It’s been an interesting last few days. Suddenly, The Last Lullaby has two more one-week theatrical engagements: Lake Park, Florida at the Mos’ Art Theatre July 31-August 6 (www.mosarttheatre.com) and New Orleans at the Zeitgeist August 7-13 (www.zeitgeistinc.net).
One other thing I wanted to mention before hopping into this week’s entry: Many people in the movie business have a bad habit of not saying “no.” In other words, oftentimes their disinterest in a project comes in the form of you never hearing back from them. It’s frustrating, but just in case you haven’t already figured it out: In the movie business, most of the time, not hearing back equals no.
OK, onto this week’s post… We’re in an interesting time. Easiest time ever to make a movie. Hardest time ever to monetize the finished product. Easiest time ever to find an outlet for your finished movie. But with a proliferation of outlets comes a decrease in the importance of each outlet.
It’s fragmented out there. Everyone is getting their information from so many different sources. How as independent moviemakers, with very limited marketing budgets, do we possibly break free of this quagmire?
We don’t. We’re screwed. Pack it in and call it a day.
And there are many things to back up this feeling:
1. People are going to movies less than ever before
We’re in an international economic crisis for one. Plus, other things are competing for people’s free time that perhaps movies once dominated—the Internet, better home entertainment systems, pay-per-view and Netflix, to name but a few.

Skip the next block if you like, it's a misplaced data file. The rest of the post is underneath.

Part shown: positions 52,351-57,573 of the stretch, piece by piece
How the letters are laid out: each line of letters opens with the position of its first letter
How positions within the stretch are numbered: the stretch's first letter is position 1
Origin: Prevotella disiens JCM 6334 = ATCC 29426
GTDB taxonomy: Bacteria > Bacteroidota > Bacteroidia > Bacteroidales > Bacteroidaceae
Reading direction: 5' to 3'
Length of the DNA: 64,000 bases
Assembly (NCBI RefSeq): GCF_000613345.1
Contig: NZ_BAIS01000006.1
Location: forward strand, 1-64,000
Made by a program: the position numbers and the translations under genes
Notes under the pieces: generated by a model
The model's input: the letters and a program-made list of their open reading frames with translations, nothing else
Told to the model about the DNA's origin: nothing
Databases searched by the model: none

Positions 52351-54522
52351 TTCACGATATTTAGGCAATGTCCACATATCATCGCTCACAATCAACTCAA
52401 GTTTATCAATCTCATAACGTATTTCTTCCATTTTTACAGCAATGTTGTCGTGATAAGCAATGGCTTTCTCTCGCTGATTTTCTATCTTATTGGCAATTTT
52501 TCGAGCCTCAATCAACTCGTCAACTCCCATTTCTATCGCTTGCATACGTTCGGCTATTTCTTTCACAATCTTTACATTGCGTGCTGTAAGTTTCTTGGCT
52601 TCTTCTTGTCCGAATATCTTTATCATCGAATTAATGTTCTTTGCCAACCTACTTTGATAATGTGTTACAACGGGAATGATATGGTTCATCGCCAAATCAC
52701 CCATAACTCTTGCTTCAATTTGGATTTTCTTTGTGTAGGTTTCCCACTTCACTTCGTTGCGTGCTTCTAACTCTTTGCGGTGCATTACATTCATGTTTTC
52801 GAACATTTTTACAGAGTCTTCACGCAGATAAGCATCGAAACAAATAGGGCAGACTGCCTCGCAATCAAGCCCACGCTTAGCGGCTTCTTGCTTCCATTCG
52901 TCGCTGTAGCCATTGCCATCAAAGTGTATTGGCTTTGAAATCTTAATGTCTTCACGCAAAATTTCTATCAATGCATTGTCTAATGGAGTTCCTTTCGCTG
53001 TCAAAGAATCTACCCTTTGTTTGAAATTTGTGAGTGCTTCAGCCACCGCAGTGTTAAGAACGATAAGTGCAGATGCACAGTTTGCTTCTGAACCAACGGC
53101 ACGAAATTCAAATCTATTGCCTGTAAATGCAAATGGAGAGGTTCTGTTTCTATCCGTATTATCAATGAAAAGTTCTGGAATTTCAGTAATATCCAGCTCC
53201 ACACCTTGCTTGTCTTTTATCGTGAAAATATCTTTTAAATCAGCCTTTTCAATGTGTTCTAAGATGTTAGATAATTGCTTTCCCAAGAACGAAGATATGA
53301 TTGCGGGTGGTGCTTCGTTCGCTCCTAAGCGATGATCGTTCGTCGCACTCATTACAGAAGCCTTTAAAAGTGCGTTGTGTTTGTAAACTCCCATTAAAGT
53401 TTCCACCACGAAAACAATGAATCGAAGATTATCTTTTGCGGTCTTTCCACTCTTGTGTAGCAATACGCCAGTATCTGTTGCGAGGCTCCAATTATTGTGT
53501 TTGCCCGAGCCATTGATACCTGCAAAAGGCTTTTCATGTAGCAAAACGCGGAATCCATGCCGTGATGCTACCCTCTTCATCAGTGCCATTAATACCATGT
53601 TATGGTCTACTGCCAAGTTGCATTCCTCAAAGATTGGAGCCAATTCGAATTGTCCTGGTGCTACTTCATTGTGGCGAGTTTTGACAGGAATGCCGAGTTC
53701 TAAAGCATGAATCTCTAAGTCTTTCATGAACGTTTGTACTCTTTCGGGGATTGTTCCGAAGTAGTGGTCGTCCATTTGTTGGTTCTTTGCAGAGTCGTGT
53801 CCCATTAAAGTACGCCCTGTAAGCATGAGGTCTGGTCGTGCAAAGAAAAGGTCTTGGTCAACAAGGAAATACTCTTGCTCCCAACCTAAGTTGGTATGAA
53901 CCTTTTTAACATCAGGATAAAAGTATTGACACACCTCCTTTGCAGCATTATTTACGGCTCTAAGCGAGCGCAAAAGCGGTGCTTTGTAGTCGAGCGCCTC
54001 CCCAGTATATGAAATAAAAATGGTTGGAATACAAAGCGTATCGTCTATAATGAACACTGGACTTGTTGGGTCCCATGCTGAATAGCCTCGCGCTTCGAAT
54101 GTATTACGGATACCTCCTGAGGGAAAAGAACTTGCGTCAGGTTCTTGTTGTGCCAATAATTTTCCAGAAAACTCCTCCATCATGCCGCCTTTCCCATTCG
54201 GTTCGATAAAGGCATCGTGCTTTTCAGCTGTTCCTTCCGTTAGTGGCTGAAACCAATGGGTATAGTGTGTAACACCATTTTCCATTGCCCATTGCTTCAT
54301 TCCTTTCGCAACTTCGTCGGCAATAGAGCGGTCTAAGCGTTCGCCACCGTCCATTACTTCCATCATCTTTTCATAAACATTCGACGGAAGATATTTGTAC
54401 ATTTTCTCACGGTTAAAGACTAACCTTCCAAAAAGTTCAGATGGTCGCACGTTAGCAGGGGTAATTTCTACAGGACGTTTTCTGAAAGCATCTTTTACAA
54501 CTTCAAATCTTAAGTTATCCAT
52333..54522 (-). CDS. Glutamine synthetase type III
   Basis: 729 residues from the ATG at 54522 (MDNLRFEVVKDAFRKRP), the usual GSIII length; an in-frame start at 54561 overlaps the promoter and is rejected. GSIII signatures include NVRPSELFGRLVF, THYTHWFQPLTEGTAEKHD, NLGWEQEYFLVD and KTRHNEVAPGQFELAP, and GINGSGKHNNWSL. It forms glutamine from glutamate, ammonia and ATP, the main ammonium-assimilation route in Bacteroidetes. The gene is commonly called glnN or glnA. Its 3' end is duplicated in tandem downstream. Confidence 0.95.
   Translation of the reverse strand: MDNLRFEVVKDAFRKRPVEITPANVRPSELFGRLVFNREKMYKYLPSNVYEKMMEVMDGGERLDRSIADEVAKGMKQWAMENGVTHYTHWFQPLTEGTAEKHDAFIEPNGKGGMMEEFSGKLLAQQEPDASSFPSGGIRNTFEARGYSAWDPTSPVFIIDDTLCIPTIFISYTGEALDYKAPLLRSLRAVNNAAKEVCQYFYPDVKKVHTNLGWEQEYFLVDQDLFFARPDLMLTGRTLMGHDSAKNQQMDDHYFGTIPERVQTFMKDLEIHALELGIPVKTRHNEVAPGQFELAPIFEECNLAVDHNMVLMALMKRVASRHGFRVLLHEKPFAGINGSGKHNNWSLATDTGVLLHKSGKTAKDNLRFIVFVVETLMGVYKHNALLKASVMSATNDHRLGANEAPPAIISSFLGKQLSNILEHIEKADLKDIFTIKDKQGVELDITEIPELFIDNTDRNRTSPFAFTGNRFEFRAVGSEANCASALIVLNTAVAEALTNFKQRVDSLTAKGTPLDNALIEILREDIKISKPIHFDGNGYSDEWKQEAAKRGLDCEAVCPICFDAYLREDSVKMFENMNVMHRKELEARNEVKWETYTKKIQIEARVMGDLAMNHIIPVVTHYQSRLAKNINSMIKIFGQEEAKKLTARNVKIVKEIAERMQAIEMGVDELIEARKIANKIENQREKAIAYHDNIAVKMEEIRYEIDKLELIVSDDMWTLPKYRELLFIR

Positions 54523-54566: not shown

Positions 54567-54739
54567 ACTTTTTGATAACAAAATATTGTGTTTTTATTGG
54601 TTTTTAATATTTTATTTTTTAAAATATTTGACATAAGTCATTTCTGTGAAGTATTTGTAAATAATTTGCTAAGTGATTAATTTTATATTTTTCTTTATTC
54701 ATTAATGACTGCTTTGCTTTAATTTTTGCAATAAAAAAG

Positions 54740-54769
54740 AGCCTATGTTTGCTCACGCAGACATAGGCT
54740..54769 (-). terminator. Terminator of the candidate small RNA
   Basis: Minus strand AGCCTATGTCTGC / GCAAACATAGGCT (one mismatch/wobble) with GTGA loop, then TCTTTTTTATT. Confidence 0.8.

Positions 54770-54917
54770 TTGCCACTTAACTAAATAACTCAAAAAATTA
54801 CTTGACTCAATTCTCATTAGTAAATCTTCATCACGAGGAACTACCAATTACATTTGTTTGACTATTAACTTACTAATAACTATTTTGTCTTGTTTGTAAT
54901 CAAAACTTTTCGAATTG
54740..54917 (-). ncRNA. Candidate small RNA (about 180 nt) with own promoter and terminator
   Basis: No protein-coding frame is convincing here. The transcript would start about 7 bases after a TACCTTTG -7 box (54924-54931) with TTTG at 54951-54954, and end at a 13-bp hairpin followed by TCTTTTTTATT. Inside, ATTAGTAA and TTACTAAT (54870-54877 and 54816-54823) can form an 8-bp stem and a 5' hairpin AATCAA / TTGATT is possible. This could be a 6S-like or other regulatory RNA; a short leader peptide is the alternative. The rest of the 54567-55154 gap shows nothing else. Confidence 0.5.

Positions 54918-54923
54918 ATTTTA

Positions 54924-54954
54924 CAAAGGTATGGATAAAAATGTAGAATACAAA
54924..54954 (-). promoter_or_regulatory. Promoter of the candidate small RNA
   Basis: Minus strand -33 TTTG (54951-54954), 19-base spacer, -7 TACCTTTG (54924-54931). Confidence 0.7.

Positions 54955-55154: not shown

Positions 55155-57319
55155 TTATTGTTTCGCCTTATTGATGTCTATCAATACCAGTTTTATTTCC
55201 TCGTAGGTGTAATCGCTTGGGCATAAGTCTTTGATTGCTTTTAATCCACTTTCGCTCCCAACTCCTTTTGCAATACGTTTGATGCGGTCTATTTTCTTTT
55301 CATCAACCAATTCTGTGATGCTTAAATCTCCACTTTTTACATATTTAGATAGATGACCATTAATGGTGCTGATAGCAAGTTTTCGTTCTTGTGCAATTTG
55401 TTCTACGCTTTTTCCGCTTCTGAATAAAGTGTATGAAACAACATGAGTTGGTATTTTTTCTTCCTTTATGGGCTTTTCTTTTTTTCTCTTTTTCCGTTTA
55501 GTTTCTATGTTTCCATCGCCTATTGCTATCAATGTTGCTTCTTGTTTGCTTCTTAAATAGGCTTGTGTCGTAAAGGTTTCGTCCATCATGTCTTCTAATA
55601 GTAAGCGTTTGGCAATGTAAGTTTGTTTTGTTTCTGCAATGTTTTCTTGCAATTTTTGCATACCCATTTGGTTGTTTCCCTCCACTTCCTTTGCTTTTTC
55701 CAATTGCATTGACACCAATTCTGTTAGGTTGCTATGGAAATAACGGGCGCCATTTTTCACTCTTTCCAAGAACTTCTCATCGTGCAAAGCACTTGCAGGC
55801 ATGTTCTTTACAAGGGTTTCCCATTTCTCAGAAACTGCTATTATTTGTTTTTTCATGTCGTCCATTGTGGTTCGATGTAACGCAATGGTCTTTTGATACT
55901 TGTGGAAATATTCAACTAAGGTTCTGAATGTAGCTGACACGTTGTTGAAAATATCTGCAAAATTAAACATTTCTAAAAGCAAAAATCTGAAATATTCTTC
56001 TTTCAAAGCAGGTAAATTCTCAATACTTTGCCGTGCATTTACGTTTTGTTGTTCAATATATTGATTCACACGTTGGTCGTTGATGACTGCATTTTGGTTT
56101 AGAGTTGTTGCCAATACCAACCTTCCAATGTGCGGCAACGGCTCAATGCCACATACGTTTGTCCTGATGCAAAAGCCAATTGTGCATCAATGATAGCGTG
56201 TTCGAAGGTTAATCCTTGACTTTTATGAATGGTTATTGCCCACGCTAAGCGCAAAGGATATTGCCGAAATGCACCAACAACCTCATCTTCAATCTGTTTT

We all know what’s become of the music industry. I don’t think the question is, “Are we’re next?” but rather, “How long before it happens to us, too?” In certain countries, piracy’s already a major problem and it’s affecting the price foreign distributors are paying for movies, big time.
3. Media spend
I’ve mentioned several times in this blog that distributors are offering smaller and smaller advances for the movies they’re acquiring. So why is this?
a. It’s become harder for distributors to market their movies. They have to spend more to get people’s attention in an increasingly noisy and fragmented world.
b. More movies are being made every year. And more important, more movies are being released theatrically every weekend. So, it becomes harder for a
distributor to make their independent movie stand out from the pack. So that’s the bad news.
The good news is that something has to give. Moviemakers can’t go on forever making movies that don’t at least make their money back. And distributors can’t keep squeaking by in the marketplace.
A change is coming. I don’t know what it will look like, but I think soon we will see a new model for delivering our movies to our audiences. And, frankly, I think it can only be an improvement.
After living in Los Angeles for seven years, Jeffrey Goodman returned to his hometown of Shreveport, Louisiana to direct The Last Lullaby. Co-written by the creator of Road to Perdition, and starring Tom Sizemore and Sasha Alexander, The Last Lullaby was filmed entirely in and around Shreveport and financed by 48 local investors.